November 13, 2017
DALLAS (SMU) – President R. Gerald Turner’s message to a group of business and civic leaders gathered at the Federal Reserve Bank of Dallas Nov. 13 was simple and clear: return on the investment in SMU made by Dallas leaders more than 100 years ago continues to be strong.
Turner outlined the growth in impact and reputation for all seven of the University’s degree-granting schools, including the creation of more than a dozen centers and institutes addressing issues like education, criminal justice reform and international business. Most notably, he said the University is transforming onto a new era of teaching and research fueled by a powerful digital infrastructure.
The red brick campus with a tradition of liberal arts and professional education now offers 13 graduate programs in data science and is powered by ManeFrame II, among the top 20 supercomputers in North American higher education.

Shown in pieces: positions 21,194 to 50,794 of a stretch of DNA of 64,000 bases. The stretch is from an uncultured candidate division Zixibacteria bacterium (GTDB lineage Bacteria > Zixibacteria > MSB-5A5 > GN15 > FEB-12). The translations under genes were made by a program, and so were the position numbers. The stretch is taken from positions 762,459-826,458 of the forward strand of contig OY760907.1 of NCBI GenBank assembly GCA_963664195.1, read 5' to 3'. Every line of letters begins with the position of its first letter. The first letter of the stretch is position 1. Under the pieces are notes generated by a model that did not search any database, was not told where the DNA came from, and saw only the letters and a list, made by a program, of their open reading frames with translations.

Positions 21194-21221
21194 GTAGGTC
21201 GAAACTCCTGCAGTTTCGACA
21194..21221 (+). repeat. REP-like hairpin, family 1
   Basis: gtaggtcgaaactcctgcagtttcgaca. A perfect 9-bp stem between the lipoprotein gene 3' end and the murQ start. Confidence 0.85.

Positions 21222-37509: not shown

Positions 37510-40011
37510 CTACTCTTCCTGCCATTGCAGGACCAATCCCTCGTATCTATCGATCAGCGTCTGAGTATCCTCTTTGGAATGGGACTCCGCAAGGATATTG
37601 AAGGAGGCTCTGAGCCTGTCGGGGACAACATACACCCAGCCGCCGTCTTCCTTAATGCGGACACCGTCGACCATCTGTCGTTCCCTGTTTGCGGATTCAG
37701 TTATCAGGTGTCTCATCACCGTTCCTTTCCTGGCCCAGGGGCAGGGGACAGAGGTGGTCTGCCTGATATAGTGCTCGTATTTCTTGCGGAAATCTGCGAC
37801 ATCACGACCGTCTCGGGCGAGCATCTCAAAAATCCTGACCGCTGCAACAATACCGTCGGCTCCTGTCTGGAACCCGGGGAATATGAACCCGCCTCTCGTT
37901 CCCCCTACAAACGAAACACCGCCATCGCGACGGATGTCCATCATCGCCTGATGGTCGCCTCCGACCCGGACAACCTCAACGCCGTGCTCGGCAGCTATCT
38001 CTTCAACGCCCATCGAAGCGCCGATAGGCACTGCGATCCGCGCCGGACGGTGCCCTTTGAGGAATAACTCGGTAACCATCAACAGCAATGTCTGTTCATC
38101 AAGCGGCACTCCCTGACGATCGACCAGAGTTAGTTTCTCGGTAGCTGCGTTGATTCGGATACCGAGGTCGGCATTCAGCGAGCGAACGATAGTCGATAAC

SMU is committed to being both a premier research and teaching university. The University’s investments are investments in Dallas, too, as SMU welcomes partners to research the toughest questions facing the North Texas region and the world. The Federal Reserve Bank of Dallas, companies like AT&T and Raytheon, community organizations like Big Thought and academic powerhouses like Harvard and MIT know the value of our research partnerships. As SMU President R. Gerald Turner explained it, it’s time to expand the University’s reach.
SMU’s high-speed supercomputer is accessible with no waiting to students, faculty and research partners outside SMU. A University that can complete data analysis in any discipline faster, without long wait times for access, has an advantage. It’s like the difference between sitting in a traffic jam and whipping over into the HOV lane.
The University’s five-year investment of $85 million in high speed computing, data science curriculum and planned Gerald J. Ford Research Center will deliver more bang for the research buck than a comparable investment in additional wet labs for handling chemicals and biological matter. SMU aims to generate $100 million a year in research, and the infusion of data science into research across disciplines – combined with important work accomplished in University wet labs – will help SMU get there.
Find out more at www.smu.edu/datapowered.
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